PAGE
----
This takes me back to our opinions and specifically the original topic....food. We stayed on the Seaside section of the resort and found it a bit frustrating that there were no restaurants open for breakfast or dinner on that side. As many of the restaurants are only open for a short time at dinner, we also found there to be a relatively long (45 minute) wait when we went at peak dinner time--any time after 7pm. We would probably recommend that if you arrive hungry, you either a) order room service and then unpack a bit or b) take a shuttle to the Seaside Market--buffet. Overall, we would say that the food was tasty, but not always convenient for when/where we wanted to eat. After we figured things out a bit, it became much more enjoyable. We appreciated that the resort is very eco-friendly and accommodating to people with food allergies/aversions.
Other than the food aspect, here are some of our thoughts. The shows were impressive (we saw the fire show and the circus) and the special evenings are spectacular. (The Mexican night was very elaborate and they had different foods to try, a mariachi performance, and local vendors selling homemade items.) The shuttles which come "every 10 minutes" were not always as prompt as we Midwesterners would have liked. We had a room with a pool balcony and found that it was waaay too cold to swim in that pool. There was no sun that reached the pool balcony, so it was much better to just go to the main pool. We only saw 3 or 4 couples enjoying their pool balconies the entire week we were there, to give you an idea. The spa seemed nice, although we chose not to partake other than a quick trip to the doctor who is stationed there. He seemed very competent, if you're a klutz like me and need to know these things. Finally, we felt a bit nickeled and dimed at this resort. We don't have a lot of experience at all-inclusives, so maybe it was just us, but we felt like we were constantly being asked to pay for upgrades to our trip even though we had already paid a good deal of money. If you want certain craft beers, wines, special dinners, high end meals, or even seats for some of their evening events, you need to pay extra. In addition, there is a timeshare part of this resort so presentation attendance will likely be offered to you and members will have access to invite-only events and locales. Both extra payments and the special treatment of members were sources of frustration for us. Again, after figuring out how the resort is arranged and how it works, we had a much more enjoyable time and honestly spent our final few days at Sensimar where there seemed to be more action and access to restaurants.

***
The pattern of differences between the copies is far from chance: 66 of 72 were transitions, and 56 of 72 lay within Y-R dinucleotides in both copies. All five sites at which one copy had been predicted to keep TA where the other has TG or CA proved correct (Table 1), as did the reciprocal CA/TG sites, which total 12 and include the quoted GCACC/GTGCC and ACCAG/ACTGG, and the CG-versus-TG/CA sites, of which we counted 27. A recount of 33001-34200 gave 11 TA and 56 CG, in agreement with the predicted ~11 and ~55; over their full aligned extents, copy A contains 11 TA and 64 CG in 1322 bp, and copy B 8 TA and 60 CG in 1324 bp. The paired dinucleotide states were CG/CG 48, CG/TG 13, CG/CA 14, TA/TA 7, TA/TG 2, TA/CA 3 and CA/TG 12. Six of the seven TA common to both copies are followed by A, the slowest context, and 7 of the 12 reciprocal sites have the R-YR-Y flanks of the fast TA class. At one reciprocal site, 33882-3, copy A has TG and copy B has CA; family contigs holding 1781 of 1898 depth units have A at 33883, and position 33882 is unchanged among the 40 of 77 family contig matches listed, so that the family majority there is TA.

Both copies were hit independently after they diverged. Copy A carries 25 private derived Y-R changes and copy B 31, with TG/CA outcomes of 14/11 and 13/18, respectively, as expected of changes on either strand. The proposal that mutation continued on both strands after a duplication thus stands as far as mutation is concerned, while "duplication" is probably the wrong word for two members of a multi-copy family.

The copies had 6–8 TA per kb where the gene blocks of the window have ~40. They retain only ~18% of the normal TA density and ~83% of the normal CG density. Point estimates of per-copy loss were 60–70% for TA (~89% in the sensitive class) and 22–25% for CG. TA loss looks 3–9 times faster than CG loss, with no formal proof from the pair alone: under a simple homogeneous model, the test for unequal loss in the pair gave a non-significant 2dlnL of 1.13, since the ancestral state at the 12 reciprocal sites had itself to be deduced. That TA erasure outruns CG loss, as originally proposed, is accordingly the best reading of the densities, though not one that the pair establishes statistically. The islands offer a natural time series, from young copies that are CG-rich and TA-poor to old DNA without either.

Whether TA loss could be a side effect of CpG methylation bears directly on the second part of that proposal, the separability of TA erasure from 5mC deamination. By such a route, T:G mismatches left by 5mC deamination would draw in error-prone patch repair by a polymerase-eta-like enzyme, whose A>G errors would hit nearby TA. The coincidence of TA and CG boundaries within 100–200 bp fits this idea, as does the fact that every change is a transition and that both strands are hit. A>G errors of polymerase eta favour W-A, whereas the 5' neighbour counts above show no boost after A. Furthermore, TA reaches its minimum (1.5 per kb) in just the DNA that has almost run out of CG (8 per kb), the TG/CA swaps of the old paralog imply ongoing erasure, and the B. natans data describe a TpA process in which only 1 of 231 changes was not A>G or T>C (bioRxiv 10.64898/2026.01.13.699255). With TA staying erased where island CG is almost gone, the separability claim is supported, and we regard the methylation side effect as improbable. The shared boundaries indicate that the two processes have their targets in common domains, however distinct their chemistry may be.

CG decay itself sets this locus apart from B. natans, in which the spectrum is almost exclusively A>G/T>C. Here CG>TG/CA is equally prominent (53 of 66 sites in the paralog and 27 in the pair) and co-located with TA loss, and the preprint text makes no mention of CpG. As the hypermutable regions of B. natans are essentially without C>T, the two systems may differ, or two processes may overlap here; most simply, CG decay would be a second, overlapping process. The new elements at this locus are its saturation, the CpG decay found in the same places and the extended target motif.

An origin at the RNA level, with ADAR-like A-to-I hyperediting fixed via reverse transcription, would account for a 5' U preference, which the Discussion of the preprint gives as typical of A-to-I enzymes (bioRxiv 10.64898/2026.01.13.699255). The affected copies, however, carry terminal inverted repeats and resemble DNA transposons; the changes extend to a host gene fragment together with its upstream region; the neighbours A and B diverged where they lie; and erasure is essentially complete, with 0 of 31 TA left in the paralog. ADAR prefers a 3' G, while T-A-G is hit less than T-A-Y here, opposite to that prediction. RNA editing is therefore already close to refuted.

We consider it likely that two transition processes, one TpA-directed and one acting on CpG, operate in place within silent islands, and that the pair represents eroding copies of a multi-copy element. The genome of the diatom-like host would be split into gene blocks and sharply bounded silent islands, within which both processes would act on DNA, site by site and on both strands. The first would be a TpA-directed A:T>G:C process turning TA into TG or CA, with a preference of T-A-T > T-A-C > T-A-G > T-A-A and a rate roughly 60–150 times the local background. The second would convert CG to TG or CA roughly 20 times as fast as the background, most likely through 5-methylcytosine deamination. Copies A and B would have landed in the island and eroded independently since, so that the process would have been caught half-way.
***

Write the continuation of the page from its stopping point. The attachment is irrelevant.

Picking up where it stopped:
When your final day arrives, you should call a bellhop to come pick up you and your luggage and take you to the lobby. Our checkout consisted of paying 20 pesos per night (although if you pay in US dollars it was about $1.50 per night...much higher than the exchange rate) and completing a short survey.
The shortened version of our impression of the resort:
1) Resort is gorgeous, eco-friendly, and accommodating to those with dietary needs.
2) Seaside room is gorgeous, but pool balcony is basically useless. (We have a differing opinion on this. The balcony pool is one of my favorite things about this resort. - Angie)
3) Resort is spread out with the majority of the restaurants on the Sensimar side. Shuttles somewhat regularly will take you between the sections of the resort.
4) Some extra expenses and special treatments for members should be anticipated.
5) Restaurants are busy between 7-9pm, so plan to visit during off-peak times unless you are okay with a wait.
Overall, we enjoyed our stay at El Dorado Seaside Suites, but wish we would have known some of the info that we listed here in this review prior to our visit. That would have allowed us to start enjoying the resort right away, as opposed to getting acclimated to the setup during the first few days.